Ethical banks are reversing this trend by refusing to fund fossil fuels, or at their best, funding our transition to clean energy through solar, electric vehicles and other shifts.

We expect banks to have a policy against fossil fuels, be reporting their emissions including from their investments and to have a target and be taking real steps towards reducing emissions. We rate all banks in our guides on this.

In our guide to current accounts, all but three companies scored a 'worst' rating for their carbon management and reporting.

Check out the guide to find out which three companies did best >

Which banks are ethical?

Woman in wheelchair paying in cafe

Deciding which banks are more ethical will depend on your personal priorities. Our guides to current accounts, saving accounts and small business accounts provide information on everything from fossil fuel investments to tax avoidance, as well as our own recommendations.

There are nonetheless some standout options. Triodos has a market-leading ethical investment strategy, and is impressively transparent on where its money goes. It gives a list of all 800-plus projects that it funds, from a social housing association in Bradford to a solar panel provider in Arizona.

Ecology Building Society offers savings and small business accounts. It focuses on funding projects to make homes more energy efficient, as well as supporting community-led affordable housing.

Our guides also highlight other ethical options such as building societies, including mainstream brands like Nationwide which may not be as ethically focused but are avoiding the worst investments.

Are high street banks ethical?

In recent years, many mainstream banks have taken small steps towards more ethical lending and investments, by developing ethical lending policies. However, our recent guide to current accounts found, “the presence of policy is no guarantee of good practice.”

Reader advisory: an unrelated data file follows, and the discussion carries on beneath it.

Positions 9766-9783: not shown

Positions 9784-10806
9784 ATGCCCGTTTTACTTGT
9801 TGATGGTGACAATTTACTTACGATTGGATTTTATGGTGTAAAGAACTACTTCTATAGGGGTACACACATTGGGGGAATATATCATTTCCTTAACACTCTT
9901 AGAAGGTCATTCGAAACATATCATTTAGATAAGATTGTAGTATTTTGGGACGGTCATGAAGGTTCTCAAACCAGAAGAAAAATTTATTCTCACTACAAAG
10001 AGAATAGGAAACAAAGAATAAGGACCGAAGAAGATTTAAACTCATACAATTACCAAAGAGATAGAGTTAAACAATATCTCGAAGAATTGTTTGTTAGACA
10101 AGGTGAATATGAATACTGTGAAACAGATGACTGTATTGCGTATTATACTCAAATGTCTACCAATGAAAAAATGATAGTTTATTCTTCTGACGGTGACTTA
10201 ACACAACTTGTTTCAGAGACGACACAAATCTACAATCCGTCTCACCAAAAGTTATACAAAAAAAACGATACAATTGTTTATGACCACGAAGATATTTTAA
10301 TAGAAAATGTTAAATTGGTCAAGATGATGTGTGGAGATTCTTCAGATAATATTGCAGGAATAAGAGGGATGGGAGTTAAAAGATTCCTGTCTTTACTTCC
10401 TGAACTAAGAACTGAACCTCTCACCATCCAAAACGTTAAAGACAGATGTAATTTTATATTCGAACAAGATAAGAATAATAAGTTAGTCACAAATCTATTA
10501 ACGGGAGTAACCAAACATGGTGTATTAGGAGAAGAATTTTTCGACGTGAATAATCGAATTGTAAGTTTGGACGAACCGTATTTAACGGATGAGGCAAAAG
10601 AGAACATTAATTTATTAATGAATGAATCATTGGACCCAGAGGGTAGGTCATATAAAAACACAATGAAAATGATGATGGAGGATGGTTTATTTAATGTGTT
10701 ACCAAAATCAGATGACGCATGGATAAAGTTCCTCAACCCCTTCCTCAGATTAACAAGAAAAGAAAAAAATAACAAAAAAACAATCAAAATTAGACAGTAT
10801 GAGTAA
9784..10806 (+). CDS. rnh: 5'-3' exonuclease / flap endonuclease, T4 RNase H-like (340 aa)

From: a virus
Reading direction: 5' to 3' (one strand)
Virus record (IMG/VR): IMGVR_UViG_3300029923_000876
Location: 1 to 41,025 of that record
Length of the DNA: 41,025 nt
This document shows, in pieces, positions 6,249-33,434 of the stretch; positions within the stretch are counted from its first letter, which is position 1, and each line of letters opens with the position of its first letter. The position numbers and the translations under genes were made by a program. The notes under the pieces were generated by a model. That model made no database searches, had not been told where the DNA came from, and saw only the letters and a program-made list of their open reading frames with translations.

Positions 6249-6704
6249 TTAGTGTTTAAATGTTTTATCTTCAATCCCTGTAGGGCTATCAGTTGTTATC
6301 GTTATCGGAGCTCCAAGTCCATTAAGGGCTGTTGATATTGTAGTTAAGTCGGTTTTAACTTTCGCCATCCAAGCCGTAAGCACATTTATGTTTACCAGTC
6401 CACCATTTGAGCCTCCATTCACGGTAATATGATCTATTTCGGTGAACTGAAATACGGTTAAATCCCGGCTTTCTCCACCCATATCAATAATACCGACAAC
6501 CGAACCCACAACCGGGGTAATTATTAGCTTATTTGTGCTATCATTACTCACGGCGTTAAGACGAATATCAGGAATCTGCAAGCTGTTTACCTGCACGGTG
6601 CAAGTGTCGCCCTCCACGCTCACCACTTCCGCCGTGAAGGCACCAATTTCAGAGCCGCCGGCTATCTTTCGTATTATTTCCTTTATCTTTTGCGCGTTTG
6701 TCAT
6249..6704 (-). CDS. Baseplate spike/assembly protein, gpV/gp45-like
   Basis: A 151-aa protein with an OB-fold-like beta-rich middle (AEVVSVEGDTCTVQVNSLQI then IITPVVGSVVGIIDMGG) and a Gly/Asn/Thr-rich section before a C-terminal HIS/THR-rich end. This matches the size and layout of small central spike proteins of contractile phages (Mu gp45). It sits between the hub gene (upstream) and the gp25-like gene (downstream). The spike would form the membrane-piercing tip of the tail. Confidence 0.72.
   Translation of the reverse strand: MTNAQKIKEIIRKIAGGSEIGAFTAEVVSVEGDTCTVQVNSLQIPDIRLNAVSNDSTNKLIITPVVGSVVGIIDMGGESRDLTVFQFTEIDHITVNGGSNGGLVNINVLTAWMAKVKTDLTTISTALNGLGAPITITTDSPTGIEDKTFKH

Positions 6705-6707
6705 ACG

In fact, it uncovered multiple instances in which high street banks had either published weak policies, or simply ignored them.

NatWest was found to have a policy that allowed it to continue investing in or lending to certain “restricted” activities, as long as it conducted due diligence audits. “Restricted” projects could include those involving the “direct displacement of indigenous peoples without free prior and informed consent or resettlement of large numbers of people relating to a single project,” according to its policy.

“One could speculate that this final clause would allow for the $24 million provided by NatWest to Cargill Inc between 2015 and 2020,” Ethical Consumer writes. “Cargill’s subsidiaries have been implicated in the seizure of indigenous lands across Brazil and Indonesia.”

Likewise, while HSBC promised to stop financing deforestation in 2017, Global Witness estimated in 2021 that the company had received more than $20 million in proceeds from investments in deforestation-linked businesses since the commitment was made.

In fact, of the largest seven UK banks (Barclays, Lloyds, Halifax, Santander, NatWest, Nationwide, and HSBC), Nationwide was the only one to receive a score of more than 5 out of 20. All six others still invest in fossil fuels as well as arms companies.